Firefighters or police: who needs to be the fittest?

Can you think of a career that’s requires more physical activity and responsibility than a police officer or fire fighter?

The stress – both physical and emotional. The relentless demands. When it comes to emergency service workers, there are no other jobs quite like them.

It comes as no surprise that to even be considered for these jobs, you have to pass rigorous fitness tests that leave most office-dwellers flailing. Remember the beep test? Well, fire fighters, paramedics, and lifeguards, you own it.

But, what job requires the most stamina?

That’s like old saying: What came first? The chicken or the egg?

One measure, the metabolic equivalent of task or MET test, gives the nod to fire fighters. One MET is defined as the amount of oxygen consumed while sitting, and it seems that fire fighters in action consume quite a bit.

US researchers have found that general fire fighting duties equals 12 METs, while climbing a ladder in full gear rates 11 and hauling hoses on the ground gets an eight.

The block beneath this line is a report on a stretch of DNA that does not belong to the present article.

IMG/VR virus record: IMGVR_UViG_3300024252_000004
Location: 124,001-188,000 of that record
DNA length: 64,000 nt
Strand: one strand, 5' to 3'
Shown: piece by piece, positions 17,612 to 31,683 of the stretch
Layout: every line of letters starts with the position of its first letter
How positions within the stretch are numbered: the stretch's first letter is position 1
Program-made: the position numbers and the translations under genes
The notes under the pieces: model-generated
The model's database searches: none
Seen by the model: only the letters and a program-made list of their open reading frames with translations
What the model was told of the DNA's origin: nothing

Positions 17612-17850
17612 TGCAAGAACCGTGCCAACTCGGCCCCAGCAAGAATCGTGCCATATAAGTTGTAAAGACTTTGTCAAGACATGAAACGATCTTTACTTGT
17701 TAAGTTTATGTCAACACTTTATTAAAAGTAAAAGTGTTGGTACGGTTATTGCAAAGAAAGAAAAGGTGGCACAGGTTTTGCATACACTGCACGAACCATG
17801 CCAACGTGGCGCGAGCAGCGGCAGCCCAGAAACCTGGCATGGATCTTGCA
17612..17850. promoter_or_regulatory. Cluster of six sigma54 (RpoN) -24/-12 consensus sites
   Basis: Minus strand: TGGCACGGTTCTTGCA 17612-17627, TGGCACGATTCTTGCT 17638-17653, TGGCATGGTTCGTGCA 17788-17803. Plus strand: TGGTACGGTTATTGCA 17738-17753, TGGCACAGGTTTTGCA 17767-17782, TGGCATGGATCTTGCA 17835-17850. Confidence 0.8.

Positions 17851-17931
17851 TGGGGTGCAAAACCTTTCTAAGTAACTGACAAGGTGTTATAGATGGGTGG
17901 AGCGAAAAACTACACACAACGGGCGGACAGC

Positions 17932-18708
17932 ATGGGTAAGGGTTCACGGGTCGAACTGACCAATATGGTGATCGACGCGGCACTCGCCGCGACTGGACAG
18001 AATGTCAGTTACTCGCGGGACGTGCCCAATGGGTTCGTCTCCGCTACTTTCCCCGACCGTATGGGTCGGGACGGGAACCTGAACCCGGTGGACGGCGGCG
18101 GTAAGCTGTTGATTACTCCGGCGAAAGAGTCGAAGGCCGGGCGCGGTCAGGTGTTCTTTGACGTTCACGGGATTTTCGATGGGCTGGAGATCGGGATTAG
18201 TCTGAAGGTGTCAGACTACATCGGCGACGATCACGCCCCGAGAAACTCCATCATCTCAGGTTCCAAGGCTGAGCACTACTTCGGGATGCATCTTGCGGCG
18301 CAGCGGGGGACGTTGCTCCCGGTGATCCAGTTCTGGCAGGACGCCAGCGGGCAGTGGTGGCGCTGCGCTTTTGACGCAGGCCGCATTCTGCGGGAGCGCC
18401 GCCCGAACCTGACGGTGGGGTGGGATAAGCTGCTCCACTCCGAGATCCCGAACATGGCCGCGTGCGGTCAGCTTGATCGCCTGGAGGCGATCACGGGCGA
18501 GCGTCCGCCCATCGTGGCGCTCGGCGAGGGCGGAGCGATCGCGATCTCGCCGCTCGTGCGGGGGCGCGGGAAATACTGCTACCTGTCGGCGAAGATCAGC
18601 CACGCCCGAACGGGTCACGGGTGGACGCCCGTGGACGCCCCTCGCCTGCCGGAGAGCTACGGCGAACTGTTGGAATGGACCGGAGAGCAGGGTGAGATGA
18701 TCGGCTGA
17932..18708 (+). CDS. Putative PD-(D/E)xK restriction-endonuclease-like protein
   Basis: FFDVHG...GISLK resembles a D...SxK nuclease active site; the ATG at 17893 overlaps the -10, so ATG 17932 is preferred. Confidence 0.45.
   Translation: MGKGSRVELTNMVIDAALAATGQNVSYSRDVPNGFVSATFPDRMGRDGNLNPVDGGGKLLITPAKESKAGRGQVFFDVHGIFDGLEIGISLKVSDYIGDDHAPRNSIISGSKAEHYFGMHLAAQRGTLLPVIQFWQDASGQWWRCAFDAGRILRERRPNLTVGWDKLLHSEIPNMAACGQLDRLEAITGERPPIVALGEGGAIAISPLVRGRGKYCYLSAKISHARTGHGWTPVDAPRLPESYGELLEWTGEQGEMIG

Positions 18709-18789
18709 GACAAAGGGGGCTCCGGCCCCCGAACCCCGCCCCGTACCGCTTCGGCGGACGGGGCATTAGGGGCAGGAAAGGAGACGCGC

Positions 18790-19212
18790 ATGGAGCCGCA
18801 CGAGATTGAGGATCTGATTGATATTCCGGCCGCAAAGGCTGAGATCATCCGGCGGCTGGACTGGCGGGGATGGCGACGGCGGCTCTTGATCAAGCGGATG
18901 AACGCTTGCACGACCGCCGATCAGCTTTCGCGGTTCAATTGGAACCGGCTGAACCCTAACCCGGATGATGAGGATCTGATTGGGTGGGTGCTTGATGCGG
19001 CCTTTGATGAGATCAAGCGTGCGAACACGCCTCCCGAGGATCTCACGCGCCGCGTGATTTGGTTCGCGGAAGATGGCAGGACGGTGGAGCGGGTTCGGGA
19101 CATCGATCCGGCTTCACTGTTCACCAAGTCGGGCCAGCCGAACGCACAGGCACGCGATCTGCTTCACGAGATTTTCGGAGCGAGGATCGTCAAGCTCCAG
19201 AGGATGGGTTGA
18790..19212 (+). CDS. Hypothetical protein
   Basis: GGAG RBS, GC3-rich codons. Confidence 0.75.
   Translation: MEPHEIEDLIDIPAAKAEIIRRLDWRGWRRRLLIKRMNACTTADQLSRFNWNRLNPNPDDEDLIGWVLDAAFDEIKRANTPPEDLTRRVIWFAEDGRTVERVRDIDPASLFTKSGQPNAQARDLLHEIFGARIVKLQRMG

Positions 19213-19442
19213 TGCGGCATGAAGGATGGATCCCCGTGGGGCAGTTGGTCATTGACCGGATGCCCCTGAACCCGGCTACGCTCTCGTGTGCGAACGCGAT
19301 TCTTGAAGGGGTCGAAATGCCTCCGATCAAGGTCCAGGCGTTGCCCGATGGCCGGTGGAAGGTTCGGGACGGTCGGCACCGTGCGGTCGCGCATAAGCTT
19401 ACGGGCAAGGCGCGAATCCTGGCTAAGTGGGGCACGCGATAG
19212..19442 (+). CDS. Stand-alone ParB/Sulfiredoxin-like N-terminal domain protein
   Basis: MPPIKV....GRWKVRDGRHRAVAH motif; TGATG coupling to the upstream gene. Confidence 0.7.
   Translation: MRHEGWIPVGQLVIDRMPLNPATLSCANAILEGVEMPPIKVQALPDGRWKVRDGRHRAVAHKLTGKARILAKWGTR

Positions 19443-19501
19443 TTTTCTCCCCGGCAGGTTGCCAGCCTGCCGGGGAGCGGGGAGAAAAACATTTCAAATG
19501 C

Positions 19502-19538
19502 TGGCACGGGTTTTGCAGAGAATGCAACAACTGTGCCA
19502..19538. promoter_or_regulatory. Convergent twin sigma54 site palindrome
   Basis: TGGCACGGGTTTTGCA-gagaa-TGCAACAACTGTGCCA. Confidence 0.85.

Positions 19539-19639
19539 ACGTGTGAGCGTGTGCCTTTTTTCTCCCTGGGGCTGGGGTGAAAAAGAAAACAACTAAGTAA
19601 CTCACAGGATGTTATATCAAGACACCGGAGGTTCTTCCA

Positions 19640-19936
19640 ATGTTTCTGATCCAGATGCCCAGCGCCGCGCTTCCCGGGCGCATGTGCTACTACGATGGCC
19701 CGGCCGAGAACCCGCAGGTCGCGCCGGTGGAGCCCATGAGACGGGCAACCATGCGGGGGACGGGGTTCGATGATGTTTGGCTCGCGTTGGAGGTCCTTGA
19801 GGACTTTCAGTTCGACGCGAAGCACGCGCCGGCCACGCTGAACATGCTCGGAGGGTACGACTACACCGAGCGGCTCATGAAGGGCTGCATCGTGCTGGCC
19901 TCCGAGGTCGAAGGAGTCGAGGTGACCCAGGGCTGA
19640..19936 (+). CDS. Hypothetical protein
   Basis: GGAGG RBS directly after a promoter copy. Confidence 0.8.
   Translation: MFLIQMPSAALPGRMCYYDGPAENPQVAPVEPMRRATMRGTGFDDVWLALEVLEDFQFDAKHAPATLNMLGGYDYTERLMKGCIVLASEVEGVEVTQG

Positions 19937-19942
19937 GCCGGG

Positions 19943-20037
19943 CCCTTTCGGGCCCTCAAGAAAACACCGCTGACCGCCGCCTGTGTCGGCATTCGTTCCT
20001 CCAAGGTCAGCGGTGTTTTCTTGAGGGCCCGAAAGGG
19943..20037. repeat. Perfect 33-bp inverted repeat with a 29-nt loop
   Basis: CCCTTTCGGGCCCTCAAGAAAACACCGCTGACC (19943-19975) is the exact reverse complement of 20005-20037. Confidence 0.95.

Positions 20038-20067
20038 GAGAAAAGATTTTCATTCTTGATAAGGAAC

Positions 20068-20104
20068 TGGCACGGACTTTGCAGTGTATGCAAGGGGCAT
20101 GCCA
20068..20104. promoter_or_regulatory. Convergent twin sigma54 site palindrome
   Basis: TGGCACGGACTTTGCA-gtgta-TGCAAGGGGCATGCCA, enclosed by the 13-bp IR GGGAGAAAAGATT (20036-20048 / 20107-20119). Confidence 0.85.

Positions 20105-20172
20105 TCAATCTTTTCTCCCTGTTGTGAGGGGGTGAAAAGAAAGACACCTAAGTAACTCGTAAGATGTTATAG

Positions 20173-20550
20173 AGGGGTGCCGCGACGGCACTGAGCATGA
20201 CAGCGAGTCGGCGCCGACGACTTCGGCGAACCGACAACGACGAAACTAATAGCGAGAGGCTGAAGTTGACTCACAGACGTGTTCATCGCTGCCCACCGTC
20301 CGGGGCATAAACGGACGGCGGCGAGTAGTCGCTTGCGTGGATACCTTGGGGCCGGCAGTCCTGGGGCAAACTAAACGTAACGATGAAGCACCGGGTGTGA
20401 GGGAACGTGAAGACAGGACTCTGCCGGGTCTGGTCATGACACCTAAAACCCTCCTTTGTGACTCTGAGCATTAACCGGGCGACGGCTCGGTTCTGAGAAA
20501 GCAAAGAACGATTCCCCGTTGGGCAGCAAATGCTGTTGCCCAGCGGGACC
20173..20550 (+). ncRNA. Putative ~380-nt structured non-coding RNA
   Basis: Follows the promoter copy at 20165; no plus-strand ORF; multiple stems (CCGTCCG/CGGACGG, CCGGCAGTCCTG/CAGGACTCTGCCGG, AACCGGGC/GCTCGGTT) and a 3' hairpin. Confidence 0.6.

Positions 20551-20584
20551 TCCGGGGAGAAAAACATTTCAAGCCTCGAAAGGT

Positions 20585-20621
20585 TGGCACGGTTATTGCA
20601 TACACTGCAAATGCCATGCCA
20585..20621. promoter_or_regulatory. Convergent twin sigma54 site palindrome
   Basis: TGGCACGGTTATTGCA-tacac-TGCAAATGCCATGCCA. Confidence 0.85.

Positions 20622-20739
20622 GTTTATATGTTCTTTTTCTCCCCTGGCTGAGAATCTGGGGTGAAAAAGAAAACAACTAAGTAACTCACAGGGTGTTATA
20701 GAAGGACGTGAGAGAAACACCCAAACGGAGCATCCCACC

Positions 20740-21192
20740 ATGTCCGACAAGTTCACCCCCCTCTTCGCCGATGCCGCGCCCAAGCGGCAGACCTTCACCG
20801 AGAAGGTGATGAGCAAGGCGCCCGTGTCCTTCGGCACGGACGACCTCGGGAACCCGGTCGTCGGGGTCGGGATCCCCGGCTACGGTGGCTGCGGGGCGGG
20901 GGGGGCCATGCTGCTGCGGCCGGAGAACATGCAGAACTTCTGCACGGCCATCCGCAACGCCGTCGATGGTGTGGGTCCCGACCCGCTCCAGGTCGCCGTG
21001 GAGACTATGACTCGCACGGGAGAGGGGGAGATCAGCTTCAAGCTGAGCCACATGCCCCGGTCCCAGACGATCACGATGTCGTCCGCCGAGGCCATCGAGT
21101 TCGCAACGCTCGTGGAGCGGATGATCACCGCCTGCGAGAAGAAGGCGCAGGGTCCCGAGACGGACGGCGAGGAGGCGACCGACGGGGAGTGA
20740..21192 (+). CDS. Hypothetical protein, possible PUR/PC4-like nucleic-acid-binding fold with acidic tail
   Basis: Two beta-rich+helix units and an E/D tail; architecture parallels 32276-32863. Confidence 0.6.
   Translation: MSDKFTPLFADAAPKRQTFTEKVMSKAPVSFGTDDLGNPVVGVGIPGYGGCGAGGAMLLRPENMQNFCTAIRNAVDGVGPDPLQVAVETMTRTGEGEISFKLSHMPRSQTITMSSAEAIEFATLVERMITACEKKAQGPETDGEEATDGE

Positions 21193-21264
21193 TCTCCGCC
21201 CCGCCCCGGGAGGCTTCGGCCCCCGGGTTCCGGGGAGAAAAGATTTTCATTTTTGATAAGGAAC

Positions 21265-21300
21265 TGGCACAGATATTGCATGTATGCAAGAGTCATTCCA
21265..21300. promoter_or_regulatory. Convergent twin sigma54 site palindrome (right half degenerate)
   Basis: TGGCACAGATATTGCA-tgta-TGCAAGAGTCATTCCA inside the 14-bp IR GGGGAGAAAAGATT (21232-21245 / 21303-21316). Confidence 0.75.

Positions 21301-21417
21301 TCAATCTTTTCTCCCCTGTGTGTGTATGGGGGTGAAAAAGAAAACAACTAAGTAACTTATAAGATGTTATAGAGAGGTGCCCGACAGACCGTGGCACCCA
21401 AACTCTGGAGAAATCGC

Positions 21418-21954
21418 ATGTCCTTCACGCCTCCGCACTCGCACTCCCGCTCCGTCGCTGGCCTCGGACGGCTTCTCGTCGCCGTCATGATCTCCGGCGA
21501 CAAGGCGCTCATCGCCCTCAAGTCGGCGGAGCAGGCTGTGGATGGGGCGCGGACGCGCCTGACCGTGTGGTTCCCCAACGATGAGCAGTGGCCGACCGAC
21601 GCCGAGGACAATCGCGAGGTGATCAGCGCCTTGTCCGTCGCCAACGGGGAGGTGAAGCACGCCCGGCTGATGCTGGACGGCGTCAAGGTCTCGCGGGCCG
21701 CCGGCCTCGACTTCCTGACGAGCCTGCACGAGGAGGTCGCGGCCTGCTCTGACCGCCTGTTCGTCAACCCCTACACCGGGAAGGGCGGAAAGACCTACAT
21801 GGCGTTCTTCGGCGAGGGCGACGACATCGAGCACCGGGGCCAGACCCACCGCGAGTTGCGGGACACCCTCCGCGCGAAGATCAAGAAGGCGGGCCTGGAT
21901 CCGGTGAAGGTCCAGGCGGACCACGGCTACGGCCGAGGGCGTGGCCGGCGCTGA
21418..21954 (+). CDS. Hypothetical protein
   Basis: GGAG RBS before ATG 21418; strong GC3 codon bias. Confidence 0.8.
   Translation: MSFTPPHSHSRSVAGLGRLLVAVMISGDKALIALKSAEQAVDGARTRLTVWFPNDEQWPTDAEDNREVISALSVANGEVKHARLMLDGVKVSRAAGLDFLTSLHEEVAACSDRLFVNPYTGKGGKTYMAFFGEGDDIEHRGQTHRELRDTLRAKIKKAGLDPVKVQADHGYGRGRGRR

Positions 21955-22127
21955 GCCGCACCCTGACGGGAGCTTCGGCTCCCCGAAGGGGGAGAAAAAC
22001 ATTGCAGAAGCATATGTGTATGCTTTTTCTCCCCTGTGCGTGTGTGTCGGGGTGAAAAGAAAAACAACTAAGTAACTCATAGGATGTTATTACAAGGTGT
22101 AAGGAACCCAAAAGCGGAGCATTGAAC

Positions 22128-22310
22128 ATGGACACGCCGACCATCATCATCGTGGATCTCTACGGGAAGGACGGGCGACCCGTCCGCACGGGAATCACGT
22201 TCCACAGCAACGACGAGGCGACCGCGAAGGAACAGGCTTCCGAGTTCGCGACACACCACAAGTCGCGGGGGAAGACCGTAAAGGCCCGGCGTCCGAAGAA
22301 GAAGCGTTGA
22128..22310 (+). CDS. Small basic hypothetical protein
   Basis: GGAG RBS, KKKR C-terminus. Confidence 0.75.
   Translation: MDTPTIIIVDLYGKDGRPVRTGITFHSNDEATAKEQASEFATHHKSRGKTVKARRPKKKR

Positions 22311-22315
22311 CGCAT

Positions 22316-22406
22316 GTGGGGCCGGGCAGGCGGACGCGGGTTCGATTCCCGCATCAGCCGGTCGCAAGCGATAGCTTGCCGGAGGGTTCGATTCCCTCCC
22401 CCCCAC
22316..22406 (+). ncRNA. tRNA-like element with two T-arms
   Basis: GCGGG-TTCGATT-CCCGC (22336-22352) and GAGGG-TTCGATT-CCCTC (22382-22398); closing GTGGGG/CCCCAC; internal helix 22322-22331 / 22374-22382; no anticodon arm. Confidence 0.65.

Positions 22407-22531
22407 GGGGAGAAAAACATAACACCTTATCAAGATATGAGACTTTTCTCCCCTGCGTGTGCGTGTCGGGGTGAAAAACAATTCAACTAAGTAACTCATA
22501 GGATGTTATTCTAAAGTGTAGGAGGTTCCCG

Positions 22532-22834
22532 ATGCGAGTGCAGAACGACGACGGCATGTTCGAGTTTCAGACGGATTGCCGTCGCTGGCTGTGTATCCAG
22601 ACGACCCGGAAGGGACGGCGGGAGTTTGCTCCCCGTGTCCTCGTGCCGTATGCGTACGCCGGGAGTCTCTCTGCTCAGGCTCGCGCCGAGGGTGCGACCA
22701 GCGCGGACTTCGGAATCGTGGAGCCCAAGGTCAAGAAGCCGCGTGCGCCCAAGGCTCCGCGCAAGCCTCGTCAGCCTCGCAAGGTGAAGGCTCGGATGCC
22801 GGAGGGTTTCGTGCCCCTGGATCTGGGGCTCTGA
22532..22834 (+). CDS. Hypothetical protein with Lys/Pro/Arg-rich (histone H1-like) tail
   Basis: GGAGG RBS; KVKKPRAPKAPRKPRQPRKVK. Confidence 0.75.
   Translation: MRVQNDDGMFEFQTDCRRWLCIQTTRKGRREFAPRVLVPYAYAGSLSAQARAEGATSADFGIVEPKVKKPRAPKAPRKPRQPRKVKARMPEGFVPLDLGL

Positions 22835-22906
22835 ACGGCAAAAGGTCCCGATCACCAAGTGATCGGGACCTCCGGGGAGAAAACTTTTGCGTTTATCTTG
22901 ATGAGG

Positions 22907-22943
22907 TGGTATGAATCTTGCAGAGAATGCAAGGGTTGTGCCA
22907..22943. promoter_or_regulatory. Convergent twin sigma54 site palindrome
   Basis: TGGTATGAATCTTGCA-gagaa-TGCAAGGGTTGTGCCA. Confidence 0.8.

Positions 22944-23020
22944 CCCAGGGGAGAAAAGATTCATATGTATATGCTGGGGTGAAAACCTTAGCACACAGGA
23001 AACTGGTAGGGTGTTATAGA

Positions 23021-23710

Police, on the other hand, score two for driving a squad car, 1.3 if you’re a passenger, and four for making an arrest. Of course, the MET measure is only looking at one area of exertion and doesn't provide a complete picture.

What’s clear is that both jobs are demanding, both physically and emotionally. With both requiring above-average levels of aerobic and cardiovascular fitness.

No matter what part of emergency services you work in, maintaining fitness is important for both the long-term mental and physical health. We don’t need to tell you about the almost endless benefits of exercising regularly.

For a start, it helps keep your weight down so that you’re more able to cope with the demands of the job. Exercise also helps burns off the chemical effects of job stress to help you relax and ease tension. Plus, those endorphins!

Those sweet endorphins…